Data analysis was conducted using Quirkos software version 2.4.1  for qualitative data analysis. We followed the Consolidated Criteria for Reporting Qualitative Research Checklist (COREQ)  as it promotes transparent and complete reporting of qualitative methods. Participants did not have the opportunity to review, comment on or change their answers after the interview had taken place. Our main analytical approach was based on framework analysis , which has been consistently recommended for policy and healthcare research .
First, the audio-recorded interviews were de-identified and transcribed verbatim. Next, we systematically identified and organised the data into patterns and themes, following the five stages of systematization recommended by Ritchie and Spencer . In the first stage, we listened to the interview recordings, read the transcripts thoroughly and identified relevant patterns related to the research questions. This resulted in 68 initial codes of interest obtained through open coding (e.g. scepticism about internet-based interventions, stigma associated with perinatal depression and anxiety symptoms). In the second stage, we grouped the codes dealing with similar topics into 10 broader categories through axial coding, developing a framework which incorporated our research aim. In the third stage, we reviewed and indexed the interview transcript excerpts to the previously developed categories (advantages, disadvantages and concerns, implementation, recommendation to women in the perinatal period, overall view, target group, midwifery education, skills and experiences, role of healthcare workers, digital era, and suggestions). All of the created codes and categories were discussed in our research group until agreement was reached. Ambiguous extracts fitting into more than one category were added to different framework categories. To enhance the reliability and rigor of the analysis and interpretation, the 10 categories were rated individually by two independent raters, one of whom was an educational researcher experienced in qualitative research and the other a psychology researcher experienced in internet-based interventions for perinatal disorders. The raters were asked to match the interview excerpts to the 10 framework categories developed in the second stage of analysis. Krippendorff’s alpha coefficient was used to ensure reliability of rating. In the fourth stage, the data were organised into chart form through the creation of an Excel file. Participants were placed on the y-axis while the 10 identified categories were variables placed on the x-axis. This allowed us to summarise the interviews while facilitating within- and between-participants analyses . In the fifth and final stage of framework analysis, we mapped and interpreted the dataset as a whole, identifying themes and subthemes within the broader categories in order to explore midwives’ views and opinions on the acceptability of internet-based interventions for the treatment of perinatal depression and anxiety.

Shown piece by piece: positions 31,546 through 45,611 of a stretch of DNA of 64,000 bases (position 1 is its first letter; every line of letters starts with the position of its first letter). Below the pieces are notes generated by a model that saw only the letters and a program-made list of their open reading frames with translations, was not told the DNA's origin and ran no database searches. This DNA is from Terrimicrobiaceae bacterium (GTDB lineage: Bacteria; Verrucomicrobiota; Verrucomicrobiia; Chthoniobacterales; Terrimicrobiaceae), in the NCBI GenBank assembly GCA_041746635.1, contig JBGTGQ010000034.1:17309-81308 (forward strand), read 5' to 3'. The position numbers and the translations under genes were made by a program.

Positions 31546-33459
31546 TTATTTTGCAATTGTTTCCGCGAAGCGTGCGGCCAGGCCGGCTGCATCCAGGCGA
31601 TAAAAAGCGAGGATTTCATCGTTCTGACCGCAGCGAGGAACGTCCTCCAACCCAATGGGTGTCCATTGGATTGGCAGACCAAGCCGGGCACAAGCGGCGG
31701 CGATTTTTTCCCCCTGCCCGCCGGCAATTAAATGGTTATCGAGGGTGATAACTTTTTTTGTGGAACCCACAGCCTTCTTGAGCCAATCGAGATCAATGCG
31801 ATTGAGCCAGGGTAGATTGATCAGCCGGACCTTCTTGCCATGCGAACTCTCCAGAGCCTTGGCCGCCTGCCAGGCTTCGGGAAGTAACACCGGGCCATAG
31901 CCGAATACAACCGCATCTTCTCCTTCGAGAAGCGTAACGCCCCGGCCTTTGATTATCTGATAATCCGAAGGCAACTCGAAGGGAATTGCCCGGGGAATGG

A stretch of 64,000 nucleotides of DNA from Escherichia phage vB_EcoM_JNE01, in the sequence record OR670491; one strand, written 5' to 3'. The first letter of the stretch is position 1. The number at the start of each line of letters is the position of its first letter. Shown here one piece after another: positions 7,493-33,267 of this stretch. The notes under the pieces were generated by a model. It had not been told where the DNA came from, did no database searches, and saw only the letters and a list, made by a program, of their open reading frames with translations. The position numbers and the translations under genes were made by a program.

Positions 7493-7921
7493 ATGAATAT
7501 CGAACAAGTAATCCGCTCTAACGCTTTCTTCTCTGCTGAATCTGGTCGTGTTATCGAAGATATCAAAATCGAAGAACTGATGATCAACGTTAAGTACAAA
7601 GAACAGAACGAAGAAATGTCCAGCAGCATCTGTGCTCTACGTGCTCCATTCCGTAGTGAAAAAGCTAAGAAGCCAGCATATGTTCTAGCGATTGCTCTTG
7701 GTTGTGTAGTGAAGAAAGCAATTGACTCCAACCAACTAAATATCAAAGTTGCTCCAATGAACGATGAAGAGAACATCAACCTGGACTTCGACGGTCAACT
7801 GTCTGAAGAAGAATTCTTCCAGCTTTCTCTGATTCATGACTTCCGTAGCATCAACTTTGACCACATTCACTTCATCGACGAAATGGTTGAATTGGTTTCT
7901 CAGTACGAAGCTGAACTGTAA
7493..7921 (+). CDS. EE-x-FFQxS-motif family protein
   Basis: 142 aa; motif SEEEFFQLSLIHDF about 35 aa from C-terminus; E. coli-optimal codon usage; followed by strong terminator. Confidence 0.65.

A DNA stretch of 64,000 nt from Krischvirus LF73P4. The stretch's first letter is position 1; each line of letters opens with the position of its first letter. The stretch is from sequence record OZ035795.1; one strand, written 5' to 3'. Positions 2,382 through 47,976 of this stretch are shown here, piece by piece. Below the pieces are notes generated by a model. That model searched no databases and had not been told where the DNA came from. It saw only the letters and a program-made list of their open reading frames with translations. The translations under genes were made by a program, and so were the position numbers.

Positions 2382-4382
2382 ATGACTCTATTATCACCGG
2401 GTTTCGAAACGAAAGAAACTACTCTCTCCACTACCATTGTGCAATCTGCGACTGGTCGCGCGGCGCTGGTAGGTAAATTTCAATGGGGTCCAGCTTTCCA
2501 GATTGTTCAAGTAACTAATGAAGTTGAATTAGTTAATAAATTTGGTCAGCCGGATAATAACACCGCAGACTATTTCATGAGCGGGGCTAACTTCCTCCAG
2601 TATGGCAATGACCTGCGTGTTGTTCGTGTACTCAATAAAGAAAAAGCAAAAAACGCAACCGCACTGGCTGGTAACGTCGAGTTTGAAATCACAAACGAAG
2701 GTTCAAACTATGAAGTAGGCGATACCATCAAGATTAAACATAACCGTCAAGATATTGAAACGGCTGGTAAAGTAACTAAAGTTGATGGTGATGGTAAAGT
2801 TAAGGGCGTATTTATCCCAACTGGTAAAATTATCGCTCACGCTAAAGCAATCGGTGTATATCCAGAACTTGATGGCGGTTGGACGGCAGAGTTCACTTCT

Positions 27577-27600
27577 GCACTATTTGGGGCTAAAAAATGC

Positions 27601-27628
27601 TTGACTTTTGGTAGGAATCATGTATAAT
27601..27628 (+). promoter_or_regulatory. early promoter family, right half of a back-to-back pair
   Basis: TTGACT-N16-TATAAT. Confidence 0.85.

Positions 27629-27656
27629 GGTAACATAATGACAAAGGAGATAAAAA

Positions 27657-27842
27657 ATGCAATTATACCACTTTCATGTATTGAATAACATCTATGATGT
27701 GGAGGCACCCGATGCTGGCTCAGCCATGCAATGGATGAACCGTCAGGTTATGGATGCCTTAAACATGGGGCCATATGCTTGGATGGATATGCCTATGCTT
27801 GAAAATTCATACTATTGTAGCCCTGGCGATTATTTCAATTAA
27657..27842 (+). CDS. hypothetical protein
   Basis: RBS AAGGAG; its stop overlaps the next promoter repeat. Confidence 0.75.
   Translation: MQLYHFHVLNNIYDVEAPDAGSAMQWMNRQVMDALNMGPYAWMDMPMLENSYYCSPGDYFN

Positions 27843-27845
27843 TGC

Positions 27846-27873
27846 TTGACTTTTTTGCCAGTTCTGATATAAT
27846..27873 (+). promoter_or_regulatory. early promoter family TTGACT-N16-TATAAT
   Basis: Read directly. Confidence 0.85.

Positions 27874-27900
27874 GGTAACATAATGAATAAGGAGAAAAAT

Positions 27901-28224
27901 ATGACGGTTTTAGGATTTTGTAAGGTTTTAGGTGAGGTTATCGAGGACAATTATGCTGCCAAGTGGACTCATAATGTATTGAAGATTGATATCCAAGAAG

The identified themes were as follows: midwives’ experience with patients with perinatal mental health issues, role of healthcare workers in perinatal women’s utilisation of internet-based interventions in the perinatal period, overall perception of internet-based interventions, recommending internet-based interventions to women in the perinatal period. To gain further insight into possible factors influencing study participants’ views and opinions, group differences based on sociodemographic characteristics were computed with Kruskal-Wallis and Dunn-Bonferroni tests or Mann-Whitney U tests, where applicable [71,72,73].
Sociodemographic characteristics of the sample are presented in Table 3. All interviewees were female and aged between 28 and 57 years (M = 43.3, SD = 8.3). Participants’ work experience ranged from 4 to 36 years (M = 16.2, SD = 8.7) and the majority (N = 22) had completed a university degree. Sixteen participants worked part-time while twelve worked full-time. Almost all participants (N = 28) lived in Switzerland. The interviews lasted between 15 and 76 minutes (M = 30.71, SD = 11.90). Krippendorff’s alpha coefficient between raters was satisfactory (α = .75) .